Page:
“Yes. Yes I am.” The woman had a bit of an accent. It didn’t sound convincing enough to be real or fabricated enough to be fake. It was hard to tell. It was easy to tell she was rich though. All the accessories on her could buy Sylvia that new model Mercedez Benz she’d been dreaming about. Sylvia already knew there was something off about her. They were about to find out what it was.
“Actually, Josh is in the dancing competition now.” The ladies looked up at the kids dancing and Lola showed them which of the boys Joshua was. He wasn’t doing much in the way of dancing. Just scattering sand here and there actually.
“He seems to be having fun.” Lola added as they looked back at Joshua’s mum.
“Hmm. Yes. Well, the thing is Joshua is a sweet little boy and I’d really like him to win this competition. It’ll make him very happy.” She said giving her best smile.
“Ok, but what has that got to do with us?” Sylvia asked. Her impatience with this woman and her improvised British/Russian accent couldn’t be hidden.
“When the M.C asks for the winner, Could you please vote for Joshua?” She asked looking expectantly at the three women.
“What if we want someone else to win?”Anjuola asked raising her brows.
“Well, in that case.” The girls watched as the woman sat down and brought out a wad of cash from her bag and held it out to them.
“Wait, you’re going to bribe us to get your son to win a dancing competition? Ndi uwa biko negodu! *” Sylvia exclaimed.
“No need to make a scene. I want something and I’m willing to pay to get it.” She said still holding out the wad of cash.
“It’s a dancing competition at a child’s party. It’s not that serious.” Anjuola said looking from the woman to the money in her hand. At that moment, the music stopped and the M.C began to talk.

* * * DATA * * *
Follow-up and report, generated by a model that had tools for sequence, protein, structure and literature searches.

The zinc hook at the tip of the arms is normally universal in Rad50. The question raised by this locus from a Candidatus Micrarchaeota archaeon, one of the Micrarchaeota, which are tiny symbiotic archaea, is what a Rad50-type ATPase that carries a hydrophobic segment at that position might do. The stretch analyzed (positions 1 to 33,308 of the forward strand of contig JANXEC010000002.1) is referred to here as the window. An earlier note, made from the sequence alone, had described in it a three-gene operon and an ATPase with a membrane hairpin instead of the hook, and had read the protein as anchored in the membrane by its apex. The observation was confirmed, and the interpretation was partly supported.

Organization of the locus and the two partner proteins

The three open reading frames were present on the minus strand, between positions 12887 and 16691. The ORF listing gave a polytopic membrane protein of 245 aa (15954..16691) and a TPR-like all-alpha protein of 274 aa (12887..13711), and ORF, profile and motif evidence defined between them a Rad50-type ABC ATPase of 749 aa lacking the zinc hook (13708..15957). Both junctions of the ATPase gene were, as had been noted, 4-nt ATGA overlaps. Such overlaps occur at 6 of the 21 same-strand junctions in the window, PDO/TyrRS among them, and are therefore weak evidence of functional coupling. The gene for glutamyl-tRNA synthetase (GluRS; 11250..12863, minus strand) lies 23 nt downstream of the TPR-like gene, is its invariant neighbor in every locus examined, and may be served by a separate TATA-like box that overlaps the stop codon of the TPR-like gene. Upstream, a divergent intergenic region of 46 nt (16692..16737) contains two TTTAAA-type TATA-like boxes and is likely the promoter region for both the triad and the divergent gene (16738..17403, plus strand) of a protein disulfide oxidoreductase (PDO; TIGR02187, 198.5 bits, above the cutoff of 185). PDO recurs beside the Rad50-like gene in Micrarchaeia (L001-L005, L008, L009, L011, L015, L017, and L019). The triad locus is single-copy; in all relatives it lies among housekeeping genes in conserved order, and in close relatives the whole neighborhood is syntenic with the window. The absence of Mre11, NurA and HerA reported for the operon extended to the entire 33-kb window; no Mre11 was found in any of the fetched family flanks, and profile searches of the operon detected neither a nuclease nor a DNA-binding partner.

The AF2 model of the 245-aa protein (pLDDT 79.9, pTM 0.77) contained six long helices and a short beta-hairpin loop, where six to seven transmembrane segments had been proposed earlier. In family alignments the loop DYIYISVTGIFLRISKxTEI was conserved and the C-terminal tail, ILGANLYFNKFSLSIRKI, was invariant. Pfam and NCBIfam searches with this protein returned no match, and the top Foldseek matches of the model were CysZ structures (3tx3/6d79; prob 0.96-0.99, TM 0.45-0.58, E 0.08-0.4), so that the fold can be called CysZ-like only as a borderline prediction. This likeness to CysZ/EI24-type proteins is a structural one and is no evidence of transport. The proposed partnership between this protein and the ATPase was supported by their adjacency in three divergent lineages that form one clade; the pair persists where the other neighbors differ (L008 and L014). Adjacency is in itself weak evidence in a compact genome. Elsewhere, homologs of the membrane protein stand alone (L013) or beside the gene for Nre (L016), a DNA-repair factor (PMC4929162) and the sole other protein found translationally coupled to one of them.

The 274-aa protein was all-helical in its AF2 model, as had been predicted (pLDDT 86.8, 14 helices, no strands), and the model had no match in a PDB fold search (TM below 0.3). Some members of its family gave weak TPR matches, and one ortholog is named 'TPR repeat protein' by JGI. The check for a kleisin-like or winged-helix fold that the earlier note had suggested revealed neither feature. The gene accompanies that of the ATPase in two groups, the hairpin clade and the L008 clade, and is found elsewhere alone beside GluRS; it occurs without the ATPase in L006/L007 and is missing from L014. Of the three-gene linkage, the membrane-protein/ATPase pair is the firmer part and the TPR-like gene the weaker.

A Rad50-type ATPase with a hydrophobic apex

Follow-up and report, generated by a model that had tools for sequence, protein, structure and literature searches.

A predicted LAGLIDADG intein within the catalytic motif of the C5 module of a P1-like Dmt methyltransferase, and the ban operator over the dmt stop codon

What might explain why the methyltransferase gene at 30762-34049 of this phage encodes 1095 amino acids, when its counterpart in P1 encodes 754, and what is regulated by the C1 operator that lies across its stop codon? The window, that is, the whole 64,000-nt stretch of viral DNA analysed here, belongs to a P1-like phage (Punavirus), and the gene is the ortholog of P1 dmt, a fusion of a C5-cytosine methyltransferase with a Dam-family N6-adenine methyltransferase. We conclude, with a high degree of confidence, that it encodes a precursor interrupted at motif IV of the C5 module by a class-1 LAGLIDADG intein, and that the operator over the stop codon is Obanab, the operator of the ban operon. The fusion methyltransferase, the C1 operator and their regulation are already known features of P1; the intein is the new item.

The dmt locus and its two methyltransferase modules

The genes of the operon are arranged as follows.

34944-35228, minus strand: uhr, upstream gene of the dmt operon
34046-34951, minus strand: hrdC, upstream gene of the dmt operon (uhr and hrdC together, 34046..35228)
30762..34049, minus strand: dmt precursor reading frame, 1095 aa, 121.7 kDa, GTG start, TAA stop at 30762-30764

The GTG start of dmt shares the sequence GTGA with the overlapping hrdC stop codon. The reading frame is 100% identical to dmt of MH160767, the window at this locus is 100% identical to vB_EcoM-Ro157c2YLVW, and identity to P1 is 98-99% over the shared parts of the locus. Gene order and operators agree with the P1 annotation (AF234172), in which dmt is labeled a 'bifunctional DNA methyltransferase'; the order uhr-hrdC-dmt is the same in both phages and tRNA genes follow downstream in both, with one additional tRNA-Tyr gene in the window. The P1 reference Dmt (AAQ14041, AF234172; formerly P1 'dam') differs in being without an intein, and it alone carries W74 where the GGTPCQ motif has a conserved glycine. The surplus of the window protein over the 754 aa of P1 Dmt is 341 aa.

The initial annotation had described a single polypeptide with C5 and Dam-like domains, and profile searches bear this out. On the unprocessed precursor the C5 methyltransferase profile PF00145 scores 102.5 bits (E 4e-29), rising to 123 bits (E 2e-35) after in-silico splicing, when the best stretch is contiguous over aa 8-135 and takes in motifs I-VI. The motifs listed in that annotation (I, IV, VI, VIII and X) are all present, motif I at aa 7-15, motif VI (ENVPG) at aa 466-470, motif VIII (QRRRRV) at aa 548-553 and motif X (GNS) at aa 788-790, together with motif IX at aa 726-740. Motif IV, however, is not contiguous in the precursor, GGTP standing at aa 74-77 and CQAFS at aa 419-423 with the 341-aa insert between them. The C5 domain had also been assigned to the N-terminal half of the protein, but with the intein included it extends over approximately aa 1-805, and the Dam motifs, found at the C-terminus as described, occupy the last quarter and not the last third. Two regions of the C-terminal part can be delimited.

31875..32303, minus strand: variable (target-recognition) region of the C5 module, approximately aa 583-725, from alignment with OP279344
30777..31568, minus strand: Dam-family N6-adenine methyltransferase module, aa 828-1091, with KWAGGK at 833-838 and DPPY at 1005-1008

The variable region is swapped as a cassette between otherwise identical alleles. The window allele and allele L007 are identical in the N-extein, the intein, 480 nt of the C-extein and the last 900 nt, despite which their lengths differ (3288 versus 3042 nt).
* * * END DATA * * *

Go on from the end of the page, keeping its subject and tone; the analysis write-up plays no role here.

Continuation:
“I won’t vote for your son and I really wonder what kind of mother you are if this is what you’re teaching him to do to get ahead. Wow!” Sylvia lamented. She glared at Anjuola and Lola until they turned back to listen to the M.C.
“…Who thinks Amara is the winner?” The M.C asked as his voice resonated through the venue. A few people raised their hands.
“Who thinks Ngozi is the winner?” Sylvia’s hand shot up even before the man could finish his sentence. Anjuola and Lola and a few other people raised their hands as well.
“And lastly, who thinks Joshua here is the winner?” About ten people seated around and behind Sylvia raised their hands. Joshua had the most votes to Sylvia’s bewilderment.
“What? How did he win?” She asked. Joshua’s mum leaned in beside her and said “You’re not the only one in this world my dear. If you won’t budge, others will. Call it Nigerian Politics at play.” She smiled wryly as she walked away to congratulate her son.
*Onyeori – Someone who eats a lot.
*Ndi uwa biko negodu – People of the world, please come and see!
WRITTEN BY NKY OTIKE-ODIBI